The visual arts are a language. Just as you learn to speak, read, and write, you can also use the visual arts to express yourself and even tell a story. It doesn’t matter if you can draw; you can still use art as a language. Let me say that one more time: It doesn’t matter if you can draw. What’s most important is your interest in things like color, composition, texture, light, and shadow. An artist can mix and match these elements just as we choose the right words to make a sentence.
For instance, have you ever noticed how people say you’re feeling blue? Color can say a great deal about how we feel. I can talk about it until I’m red in the face—color has meaning. It’s just one element that can be added to what we can call a visual sentence.
Let’s use the cover of Where the Water Takes Us as an example. How do I, as the author and illustrator, give the reader a sense of what the story is about? The truth is, my choices are endless! The hard part is deciding exactly what to say. Here are different cover sketches I tried for Where the Water Takes Us. You’ll see I’m searching for the exact visual elements to describe what I’m thinking.
In the first versions below, my visual sentence went something like this: “This is a story that takes place on the water. This feather is important to the story.” The water is green because I felt it was a more exciting color than blue.
How does the cover make you feel? I had to ask myself, What if I were walking by the bookstore? Is a cover that says “This is a story about a feather and water” the best way to describe my story? Perhaps there are a few more descriptive words I can add to my visual sentence. What if the cover transports the reader to a specific place? Let’s add a little more detail, words like lake and islands. What if there was a woodpecker flying off in the distance and the sky was stormy, suggesting there is trouble on the horizon? Does that get us closer to the story inside? For weeks I painted countless stormy lakes and woodpeckers. It was the right direction, but something was wrong. To me, the visual sentence I kept creating said something like, “This is a story about a woodpecker that lives on a lake.” Is that really the story of Where the Water Takes Us? I felt it was getting closer, but still the cover was not quite right.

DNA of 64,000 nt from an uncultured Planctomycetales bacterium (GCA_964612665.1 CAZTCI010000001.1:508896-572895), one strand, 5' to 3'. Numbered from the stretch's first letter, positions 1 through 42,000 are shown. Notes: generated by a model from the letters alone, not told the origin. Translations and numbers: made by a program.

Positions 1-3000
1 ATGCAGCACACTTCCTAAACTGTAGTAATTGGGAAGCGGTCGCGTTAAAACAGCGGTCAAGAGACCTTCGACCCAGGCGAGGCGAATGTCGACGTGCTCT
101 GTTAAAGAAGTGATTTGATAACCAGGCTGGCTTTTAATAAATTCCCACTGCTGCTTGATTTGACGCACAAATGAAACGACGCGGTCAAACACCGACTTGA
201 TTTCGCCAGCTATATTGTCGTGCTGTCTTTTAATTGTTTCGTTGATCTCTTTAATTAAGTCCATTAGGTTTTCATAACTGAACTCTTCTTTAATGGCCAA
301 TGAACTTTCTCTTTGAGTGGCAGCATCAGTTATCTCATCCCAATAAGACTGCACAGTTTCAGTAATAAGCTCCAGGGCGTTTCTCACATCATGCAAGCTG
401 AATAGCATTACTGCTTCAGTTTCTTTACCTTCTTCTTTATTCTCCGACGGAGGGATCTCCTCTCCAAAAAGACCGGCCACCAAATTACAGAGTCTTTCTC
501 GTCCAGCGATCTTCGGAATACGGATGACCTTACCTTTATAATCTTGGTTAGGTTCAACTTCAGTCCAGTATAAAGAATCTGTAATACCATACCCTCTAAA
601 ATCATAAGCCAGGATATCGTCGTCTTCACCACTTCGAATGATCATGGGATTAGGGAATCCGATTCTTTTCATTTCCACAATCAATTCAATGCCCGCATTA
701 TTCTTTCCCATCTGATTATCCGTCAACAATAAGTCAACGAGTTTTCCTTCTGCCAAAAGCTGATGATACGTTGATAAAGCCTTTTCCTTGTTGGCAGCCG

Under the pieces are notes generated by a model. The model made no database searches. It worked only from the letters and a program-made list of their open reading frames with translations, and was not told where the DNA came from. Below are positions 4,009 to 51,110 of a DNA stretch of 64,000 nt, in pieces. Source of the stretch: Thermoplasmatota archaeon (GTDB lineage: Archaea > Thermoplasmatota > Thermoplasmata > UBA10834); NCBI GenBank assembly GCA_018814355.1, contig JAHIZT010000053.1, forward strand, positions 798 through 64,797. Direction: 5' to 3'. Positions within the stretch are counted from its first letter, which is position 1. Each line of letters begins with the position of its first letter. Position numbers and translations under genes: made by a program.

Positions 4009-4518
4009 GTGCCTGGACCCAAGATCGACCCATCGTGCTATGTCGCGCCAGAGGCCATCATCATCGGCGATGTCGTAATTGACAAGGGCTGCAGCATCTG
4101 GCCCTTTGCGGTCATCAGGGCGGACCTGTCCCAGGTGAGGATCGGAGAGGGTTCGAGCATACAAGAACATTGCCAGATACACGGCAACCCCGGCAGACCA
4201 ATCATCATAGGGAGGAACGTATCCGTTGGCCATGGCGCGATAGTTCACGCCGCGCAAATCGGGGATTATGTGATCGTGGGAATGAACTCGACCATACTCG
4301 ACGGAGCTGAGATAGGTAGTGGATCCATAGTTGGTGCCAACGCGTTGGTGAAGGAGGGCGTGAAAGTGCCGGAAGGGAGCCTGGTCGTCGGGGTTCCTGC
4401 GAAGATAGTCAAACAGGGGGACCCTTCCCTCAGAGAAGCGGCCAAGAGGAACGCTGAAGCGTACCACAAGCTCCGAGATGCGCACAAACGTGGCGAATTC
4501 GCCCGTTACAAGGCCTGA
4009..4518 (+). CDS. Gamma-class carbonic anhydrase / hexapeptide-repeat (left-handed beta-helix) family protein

Luckily, when you make a book, you get to work with all sorts of smart people who help you along. The conversation quickly became, “Who’s this story really about?” “Well, it’s eleven-year-old Ava’s story.” “What about including Ava on the cover? What if the visual sentence read, ‘This is a story about a young girl on a lake’?” I went back to some of my first sketches of Ava. (The black-and-white sketch is one of my very first drawings of Ava.)
So I set out to try to include Ava. Let’s skip over the dozens and dozens of versions where I was trying to get this visual sentence just right. Below is the final version. Hopefully, the visual sentence I came up with is accurate to the story inside without giving too much away. (I don’t like covers that give the whole story away!)
I hope all this searching of mine shows you just how much art is always about communication. Whether you can draw or not, or choose to use photography or typography, there are countless techniques and mediums available that allow you to express yourself. Which medium you choose and what you ultimately choose to say with that medium is what the power of language is all about. It’s unique to you!
Discussion Questions and Exercises